The Misplaced Menace of Nuclear Power

Eric Medlin
5 min readMar 16, 2022

We need more nuclear power. We can’t abandon fossil fuels without it.

Shearon Harris nuclear power plant, Raleigh. Courtesy: Tripadvisor

Two stories in the past week illustrate the critical debate playing out over the world on the question of renewable energy. On March 6, another dire climate change report was issued by the United Nations predicting an existential threat to much of humanity if nations do not immediately reduce their carbon emissions. Two days earlier, the world was fixated on a nuclear power plant in Ukraine being bombed by the Russians. The story of the Zaporizhzhia plant drew much more attention than the U.N. report. CNN spent hours showing the plant and debating its status. The New York Times reported several stories on the plant’s health and its role as a target for Russian forces.

Inevitably, the two stories are connected. The invasion of Ukraine has thrown into stark relief the reliance of Europe on fossil fuels from Russia, a reliance that has helped cause climate change. At the same time, a major alternative to fossil fuels, nuclear power, was demonized for days as a vulnerable part of Ukrainian infrastructure. Pundits on Twitter and elsewhere have even speculated that the attack was a deliberate message to the West, a reminder of the nuclear fears that pushed them towards Russia in the first place.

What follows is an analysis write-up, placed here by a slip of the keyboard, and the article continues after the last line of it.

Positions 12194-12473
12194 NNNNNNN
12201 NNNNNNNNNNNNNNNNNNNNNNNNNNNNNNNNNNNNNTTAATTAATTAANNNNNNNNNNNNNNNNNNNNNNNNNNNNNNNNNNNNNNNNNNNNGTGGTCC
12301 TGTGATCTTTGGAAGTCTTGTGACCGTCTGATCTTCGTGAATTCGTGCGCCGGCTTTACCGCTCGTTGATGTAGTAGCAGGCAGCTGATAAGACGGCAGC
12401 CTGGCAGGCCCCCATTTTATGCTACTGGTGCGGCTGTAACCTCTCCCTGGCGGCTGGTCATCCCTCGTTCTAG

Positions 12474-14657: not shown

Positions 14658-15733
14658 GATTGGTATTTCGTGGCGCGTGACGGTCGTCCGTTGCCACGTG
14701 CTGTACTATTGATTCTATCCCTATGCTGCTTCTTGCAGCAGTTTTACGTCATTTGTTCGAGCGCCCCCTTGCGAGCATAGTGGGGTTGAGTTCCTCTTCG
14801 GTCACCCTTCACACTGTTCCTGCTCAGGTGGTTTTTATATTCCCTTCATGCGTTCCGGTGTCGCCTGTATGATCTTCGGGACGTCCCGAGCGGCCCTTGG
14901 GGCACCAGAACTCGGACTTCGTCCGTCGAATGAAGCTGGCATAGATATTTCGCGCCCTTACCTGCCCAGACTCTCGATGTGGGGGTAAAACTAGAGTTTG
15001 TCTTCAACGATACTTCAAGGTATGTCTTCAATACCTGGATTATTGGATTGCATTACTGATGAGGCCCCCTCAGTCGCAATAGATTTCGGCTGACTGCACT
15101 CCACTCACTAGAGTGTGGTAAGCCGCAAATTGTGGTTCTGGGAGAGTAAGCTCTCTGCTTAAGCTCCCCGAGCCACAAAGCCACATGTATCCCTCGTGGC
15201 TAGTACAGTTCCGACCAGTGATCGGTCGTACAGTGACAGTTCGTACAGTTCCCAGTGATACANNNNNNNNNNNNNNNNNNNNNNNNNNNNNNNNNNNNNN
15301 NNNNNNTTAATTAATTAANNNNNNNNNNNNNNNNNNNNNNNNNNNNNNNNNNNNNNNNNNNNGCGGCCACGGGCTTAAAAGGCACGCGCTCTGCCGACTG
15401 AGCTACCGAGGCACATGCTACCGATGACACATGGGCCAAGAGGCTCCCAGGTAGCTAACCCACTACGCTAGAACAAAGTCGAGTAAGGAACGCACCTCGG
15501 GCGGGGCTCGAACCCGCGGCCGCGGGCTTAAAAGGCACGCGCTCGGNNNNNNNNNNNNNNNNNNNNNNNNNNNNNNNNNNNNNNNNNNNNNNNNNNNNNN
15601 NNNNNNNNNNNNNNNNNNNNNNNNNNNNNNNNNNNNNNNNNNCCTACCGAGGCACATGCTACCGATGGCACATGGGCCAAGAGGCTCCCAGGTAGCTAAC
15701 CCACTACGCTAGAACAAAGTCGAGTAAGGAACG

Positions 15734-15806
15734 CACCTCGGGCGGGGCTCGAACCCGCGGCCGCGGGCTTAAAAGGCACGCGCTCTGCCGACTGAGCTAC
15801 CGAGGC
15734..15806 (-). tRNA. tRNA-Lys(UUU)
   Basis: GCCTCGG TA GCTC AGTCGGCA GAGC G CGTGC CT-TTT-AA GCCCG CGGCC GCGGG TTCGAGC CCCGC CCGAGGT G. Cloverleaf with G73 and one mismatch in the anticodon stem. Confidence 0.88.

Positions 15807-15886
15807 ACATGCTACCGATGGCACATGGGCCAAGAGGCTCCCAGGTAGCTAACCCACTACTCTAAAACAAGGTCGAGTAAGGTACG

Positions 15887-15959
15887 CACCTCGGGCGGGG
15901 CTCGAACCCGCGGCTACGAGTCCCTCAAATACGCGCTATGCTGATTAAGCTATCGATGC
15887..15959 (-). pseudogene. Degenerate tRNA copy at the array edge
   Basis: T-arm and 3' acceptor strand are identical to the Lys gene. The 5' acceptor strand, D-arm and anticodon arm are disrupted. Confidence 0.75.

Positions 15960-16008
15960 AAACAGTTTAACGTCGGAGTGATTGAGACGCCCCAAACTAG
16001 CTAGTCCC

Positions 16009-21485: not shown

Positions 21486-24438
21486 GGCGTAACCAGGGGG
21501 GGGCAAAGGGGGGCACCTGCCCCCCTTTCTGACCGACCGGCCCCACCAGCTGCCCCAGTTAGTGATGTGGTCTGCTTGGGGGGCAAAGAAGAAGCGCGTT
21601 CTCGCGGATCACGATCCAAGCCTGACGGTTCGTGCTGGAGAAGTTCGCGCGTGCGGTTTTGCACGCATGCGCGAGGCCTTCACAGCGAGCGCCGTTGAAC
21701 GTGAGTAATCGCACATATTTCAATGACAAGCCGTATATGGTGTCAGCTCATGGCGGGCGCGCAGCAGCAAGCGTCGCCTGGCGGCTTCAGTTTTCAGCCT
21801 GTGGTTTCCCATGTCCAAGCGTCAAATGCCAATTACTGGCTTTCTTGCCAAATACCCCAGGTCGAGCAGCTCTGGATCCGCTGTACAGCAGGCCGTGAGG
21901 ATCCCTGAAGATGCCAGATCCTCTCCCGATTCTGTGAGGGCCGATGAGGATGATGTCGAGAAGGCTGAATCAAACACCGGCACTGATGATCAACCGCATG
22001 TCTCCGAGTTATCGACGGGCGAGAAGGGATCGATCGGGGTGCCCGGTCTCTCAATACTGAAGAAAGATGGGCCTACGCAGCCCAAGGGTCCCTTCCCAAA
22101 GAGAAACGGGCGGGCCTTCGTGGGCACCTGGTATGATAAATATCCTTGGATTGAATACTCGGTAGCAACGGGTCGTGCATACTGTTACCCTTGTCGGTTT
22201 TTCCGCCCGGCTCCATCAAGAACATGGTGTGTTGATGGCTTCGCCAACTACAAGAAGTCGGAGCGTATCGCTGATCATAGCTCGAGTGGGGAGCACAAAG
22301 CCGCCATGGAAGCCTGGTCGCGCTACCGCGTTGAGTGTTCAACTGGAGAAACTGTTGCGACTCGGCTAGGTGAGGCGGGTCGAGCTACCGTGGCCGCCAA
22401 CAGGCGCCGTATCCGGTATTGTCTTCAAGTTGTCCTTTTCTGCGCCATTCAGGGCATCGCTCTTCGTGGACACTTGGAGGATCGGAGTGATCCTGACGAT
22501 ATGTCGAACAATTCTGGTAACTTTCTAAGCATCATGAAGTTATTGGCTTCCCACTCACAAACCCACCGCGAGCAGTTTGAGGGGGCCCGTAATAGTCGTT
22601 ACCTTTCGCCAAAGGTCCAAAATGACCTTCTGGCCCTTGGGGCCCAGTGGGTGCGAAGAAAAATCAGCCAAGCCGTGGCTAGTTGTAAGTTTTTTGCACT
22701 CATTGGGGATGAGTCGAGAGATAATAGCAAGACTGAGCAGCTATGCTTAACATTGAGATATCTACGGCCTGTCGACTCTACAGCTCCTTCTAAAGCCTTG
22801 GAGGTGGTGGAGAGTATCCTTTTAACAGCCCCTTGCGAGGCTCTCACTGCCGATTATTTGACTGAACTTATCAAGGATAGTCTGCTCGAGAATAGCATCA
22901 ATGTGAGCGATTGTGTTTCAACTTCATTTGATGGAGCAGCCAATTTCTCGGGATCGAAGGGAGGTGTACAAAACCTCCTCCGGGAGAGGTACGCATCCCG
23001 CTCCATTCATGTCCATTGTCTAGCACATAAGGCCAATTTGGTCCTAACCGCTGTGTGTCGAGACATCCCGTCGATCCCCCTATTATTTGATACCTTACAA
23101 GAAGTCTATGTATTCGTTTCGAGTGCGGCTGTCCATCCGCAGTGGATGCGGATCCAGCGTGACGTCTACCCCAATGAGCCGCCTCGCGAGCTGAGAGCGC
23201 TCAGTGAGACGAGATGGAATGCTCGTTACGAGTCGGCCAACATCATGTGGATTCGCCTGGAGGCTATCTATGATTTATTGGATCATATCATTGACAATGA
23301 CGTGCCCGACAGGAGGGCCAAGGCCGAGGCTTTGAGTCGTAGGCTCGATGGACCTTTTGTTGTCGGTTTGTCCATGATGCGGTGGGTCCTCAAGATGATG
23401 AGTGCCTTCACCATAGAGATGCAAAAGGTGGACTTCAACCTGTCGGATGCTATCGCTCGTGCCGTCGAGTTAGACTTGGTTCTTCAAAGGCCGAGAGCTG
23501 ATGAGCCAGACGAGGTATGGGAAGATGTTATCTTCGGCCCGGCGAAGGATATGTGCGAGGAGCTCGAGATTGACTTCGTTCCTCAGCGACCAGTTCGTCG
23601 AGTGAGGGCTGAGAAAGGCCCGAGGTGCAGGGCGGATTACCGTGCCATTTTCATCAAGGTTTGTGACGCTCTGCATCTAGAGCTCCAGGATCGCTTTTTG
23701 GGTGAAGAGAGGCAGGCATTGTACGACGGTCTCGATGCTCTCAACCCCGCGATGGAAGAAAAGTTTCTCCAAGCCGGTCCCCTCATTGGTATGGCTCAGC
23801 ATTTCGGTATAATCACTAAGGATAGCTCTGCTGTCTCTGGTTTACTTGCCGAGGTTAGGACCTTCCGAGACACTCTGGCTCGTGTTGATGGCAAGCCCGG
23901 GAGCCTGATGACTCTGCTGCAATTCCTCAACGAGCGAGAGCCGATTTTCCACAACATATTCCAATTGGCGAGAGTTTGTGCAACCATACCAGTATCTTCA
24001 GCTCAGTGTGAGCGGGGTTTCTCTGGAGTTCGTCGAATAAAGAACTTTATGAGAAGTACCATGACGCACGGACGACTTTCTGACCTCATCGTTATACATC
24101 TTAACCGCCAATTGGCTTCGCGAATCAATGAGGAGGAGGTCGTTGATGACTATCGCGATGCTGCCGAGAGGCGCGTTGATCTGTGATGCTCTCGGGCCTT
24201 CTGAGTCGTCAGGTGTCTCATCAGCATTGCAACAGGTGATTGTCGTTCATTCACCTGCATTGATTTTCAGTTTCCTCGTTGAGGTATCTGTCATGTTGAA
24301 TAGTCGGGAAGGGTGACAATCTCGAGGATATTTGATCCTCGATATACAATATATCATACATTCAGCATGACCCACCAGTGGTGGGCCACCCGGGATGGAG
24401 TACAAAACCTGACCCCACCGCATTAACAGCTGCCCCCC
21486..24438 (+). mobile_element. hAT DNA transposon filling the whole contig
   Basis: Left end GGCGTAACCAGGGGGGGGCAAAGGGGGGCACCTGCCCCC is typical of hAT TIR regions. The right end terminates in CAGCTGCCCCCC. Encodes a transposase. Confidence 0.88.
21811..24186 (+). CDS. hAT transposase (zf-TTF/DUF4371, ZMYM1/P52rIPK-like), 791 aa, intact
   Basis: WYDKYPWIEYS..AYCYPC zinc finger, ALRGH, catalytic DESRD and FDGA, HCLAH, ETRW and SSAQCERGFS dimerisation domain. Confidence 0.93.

Fears of nuclear power are primal and engrained. Humans understandably fear the awesome power of splitting large nuclei of poisonous substances such as uranium and plutonium. We are familiar with the stories of nuclear accidents and the specific details of these gruesome events. Nuclear accidents have an immediate, existential nature that is hard for the public to look away from. They involve the spread of radiation that can do unspeakable horrors to the human body. In many instances, they affect civilians and are related to natural disasters that are harming other sectors of society. Radiation can also pollute the environment. Hatred of pollution has fueled much of the anti-nuclear movement over the past five decades.

An important feature of these fears is the incorrect belief that nuclear power plants can explode like nuclear weapons. The nuclear material in power plants is nowhere near as refined as that in weapons. Chernobyl’s nuclear disaster was caused by a steam explosion that released radiation, not a nuclear explosion

Eric Medlin

I’m a writer interested in the intersections of history, ideas, and politics. I publish every week.